Project seeks coral disease connections

LIHUE — Peter Swarzenski scanned the coral reef beneath him for signs of disease.

It was March and the California-based U.S. Geological Survey oceanographer was underwater, surveying the health of the coral at Makua (Tunnels) and Anini beaches.

Swarzenski, who specializes in the study of how groundwater reaches the coast, saw a lot of coral coated in a veneer of sediment from river and stream runoff, which washes out to sea every time it rains.

He also saw black band disease.

“I wasn’t taken aback by how bad it was,” Swarzenski said. “A lot of the corals are really stressed on the North Shore and on the north shores of a lot of the Hawaiian Islands because it’s high energy and there’s lots of material coming into the coast, and because it’s tremendously rainy.”

In the weeks before environmental officials announced that half the coral reef sites surveyed by state scientists in nearshore Kauai waters are plagued by black band disease — an outbreak described in a recent USGS report as an “epidemic” — Swarzenski and other specialists convened on Kauai in hopes of finding out what makes it tick. Biologists, geologists, marine disease experts and managers came to see the disease and strategize about how environmental drivers like groundwater might be inflaming it.

Represented at the meeting were members of the Department of Land and Natural Resources, U.S. Geological Survey, University of Hawaii, National Oceanic and Atmospheric Administration and Environmental Protection Agency.

Born from the meeting is a new project led by Swarzenski aimed at investigating the relationship between black band disease and groundwater, as well as other environmental factors like ocean tides and water temperature changes.

“What I would like to do in this project is look at what triggers these coral disease events,” he said. “Is it a land-based event? Is it related to currents and waves? Is it a physical event like a drop in temperature? That’s what we’ll be looking at.”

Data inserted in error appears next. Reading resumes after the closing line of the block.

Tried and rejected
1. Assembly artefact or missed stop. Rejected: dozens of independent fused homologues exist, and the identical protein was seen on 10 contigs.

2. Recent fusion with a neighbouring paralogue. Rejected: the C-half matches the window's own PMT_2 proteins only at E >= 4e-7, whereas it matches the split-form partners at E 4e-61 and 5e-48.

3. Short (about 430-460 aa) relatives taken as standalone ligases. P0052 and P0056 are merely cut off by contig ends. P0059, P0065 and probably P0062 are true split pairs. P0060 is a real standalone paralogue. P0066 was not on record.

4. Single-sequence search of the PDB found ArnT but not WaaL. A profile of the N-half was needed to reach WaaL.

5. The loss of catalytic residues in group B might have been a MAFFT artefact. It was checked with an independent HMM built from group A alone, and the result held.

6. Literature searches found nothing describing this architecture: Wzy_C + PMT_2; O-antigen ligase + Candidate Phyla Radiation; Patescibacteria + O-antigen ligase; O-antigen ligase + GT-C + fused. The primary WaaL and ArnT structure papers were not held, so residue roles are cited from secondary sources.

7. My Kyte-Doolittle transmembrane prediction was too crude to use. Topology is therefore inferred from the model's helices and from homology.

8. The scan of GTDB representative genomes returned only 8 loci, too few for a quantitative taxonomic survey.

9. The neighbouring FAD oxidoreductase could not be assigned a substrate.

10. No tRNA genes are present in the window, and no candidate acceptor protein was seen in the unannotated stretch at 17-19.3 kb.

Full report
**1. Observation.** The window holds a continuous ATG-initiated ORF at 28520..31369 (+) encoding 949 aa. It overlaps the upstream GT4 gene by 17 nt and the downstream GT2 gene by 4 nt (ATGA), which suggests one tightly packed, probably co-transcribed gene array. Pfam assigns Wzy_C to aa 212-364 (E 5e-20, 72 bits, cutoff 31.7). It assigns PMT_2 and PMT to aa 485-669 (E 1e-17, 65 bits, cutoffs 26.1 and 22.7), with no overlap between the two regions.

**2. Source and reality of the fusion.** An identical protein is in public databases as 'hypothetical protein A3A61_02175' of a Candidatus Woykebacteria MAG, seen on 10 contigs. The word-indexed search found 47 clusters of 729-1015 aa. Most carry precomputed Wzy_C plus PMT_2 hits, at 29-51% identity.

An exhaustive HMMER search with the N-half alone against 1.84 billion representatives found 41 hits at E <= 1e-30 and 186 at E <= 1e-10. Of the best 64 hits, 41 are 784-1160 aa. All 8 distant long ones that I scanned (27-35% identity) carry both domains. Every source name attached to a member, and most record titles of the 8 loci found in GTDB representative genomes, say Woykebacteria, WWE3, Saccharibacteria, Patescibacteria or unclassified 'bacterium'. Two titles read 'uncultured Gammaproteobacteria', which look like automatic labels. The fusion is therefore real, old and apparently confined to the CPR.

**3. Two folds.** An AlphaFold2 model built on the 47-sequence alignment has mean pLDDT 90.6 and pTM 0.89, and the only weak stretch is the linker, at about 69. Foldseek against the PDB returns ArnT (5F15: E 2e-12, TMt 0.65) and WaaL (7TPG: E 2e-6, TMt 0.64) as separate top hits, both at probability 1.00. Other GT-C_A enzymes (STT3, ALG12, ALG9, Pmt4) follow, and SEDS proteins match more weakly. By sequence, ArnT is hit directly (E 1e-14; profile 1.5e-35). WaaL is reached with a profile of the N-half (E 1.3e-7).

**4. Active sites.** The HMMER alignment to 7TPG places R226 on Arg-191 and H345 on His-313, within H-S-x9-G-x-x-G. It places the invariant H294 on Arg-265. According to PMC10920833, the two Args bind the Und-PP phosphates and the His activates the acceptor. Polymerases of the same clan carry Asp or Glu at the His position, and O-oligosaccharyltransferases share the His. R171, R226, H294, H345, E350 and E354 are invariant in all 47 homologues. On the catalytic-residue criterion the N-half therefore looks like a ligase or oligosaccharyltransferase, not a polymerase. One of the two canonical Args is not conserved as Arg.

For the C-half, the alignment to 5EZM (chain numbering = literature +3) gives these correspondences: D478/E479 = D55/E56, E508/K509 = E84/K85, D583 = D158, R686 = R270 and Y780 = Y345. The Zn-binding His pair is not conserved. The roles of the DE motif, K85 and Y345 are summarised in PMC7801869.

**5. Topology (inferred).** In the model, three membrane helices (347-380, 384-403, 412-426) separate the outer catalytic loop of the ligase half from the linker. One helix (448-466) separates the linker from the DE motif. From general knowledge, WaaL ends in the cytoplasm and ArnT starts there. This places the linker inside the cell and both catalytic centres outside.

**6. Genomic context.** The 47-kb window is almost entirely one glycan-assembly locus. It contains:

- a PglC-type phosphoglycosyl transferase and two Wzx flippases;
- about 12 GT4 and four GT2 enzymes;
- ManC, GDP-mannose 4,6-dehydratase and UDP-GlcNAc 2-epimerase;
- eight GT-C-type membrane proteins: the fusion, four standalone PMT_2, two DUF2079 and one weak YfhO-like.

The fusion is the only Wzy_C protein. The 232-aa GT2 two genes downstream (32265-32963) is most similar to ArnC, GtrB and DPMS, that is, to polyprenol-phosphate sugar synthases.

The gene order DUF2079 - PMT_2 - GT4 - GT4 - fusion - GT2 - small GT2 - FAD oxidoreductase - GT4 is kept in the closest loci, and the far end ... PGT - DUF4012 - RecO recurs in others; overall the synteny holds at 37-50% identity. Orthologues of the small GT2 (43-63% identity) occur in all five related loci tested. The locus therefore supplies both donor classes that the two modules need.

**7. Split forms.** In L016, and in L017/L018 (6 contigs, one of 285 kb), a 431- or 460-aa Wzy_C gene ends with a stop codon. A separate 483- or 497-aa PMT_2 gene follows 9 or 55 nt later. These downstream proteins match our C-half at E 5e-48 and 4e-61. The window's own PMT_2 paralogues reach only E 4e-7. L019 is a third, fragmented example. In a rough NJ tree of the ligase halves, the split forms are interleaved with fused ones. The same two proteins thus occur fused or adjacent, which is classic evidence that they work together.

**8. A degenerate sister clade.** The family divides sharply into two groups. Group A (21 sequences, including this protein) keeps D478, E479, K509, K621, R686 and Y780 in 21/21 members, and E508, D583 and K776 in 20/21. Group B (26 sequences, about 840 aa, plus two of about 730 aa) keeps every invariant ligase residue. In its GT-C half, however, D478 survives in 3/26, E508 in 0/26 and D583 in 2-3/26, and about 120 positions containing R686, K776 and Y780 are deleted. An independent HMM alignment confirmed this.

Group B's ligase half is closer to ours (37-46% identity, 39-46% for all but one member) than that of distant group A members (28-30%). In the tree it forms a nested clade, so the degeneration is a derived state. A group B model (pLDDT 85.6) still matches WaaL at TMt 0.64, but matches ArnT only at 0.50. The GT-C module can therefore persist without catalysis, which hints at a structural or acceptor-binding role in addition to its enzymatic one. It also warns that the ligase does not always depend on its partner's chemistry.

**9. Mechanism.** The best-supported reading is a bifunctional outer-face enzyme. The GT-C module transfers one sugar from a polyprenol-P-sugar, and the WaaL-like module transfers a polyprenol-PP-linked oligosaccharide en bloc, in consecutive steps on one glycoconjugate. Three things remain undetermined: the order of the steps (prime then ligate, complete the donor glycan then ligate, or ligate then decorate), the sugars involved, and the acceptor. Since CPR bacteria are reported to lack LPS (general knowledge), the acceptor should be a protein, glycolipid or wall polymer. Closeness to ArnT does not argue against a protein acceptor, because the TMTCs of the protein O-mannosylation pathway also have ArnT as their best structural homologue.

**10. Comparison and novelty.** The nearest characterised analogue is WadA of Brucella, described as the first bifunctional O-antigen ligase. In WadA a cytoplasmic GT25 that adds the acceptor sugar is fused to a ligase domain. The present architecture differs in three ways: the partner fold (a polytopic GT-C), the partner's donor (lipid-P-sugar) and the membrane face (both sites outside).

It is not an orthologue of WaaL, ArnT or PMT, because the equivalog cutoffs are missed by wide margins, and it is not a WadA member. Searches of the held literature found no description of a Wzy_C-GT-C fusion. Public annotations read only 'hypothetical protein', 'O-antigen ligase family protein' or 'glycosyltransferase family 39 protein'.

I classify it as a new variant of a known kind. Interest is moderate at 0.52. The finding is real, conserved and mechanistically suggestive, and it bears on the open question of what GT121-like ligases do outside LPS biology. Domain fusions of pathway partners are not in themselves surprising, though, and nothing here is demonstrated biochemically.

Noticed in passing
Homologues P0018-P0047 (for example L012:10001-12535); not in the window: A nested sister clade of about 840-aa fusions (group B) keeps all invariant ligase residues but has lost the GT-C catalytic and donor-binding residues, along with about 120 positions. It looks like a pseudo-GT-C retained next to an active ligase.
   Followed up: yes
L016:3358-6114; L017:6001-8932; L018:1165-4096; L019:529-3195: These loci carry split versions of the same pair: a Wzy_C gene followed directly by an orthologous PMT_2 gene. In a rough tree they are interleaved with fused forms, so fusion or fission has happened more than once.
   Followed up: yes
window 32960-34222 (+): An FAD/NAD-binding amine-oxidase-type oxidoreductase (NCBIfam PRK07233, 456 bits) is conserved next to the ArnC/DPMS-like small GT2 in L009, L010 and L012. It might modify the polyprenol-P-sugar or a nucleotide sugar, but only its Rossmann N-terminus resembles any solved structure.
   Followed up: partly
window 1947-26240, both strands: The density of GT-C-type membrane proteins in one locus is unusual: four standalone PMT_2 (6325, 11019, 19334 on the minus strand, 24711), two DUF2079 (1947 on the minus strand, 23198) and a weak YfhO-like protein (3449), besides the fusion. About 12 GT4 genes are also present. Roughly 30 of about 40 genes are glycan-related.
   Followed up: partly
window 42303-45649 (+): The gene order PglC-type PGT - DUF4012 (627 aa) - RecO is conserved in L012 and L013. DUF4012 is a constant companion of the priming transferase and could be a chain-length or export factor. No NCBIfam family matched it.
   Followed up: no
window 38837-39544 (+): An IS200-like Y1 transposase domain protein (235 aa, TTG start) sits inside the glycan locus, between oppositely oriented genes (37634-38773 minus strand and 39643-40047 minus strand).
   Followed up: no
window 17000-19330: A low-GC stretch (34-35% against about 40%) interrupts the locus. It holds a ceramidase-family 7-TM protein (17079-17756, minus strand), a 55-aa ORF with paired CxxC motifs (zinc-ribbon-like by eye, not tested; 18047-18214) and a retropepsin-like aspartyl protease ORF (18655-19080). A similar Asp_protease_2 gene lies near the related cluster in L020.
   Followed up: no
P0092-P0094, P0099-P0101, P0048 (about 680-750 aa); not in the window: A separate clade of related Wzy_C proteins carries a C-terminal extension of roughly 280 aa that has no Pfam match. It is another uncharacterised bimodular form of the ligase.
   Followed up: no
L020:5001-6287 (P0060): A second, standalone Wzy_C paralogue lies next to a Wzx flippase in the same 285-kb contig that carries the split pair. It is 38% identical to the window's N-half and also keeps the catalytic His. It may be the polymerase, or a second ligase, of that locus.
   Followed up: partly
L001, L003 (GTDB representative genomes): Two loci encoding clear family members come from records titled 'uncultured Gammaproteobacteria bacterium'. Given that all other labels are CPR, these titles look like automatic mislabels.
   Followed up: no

These experiments will likely be launched on Kauai’s North Shore next summer, Swarzenski said. The project is expected to last two to three years.

“What’s unique about this project is that we have this really integrated team of people with different expertise,” Swarzenski said. “We’re developing a project with both a physical and biological component.”

The black band disease was first spotted at low levels on Kauai in 2004, then identified on the North Shore of Kauai in 2012 at 10 times background levels, according to the DLNR. It continues to plague the three Montipora (rice) corals found around the island.

All told, 23 of the 47 sites surveyed by state researchers are being killed by black band disease, which derives its name from the black band lesion it forms on the coral. This lesion starts small and quickly progresses until the coral colony is dead.

The places most affected by the disease are the reefs surrounding Makua (Tunnels), Anini and Anahola beaches as well as Ahukini Landing.


Brittany Lyte, environmental reporter, can be reached at 245-0441 or


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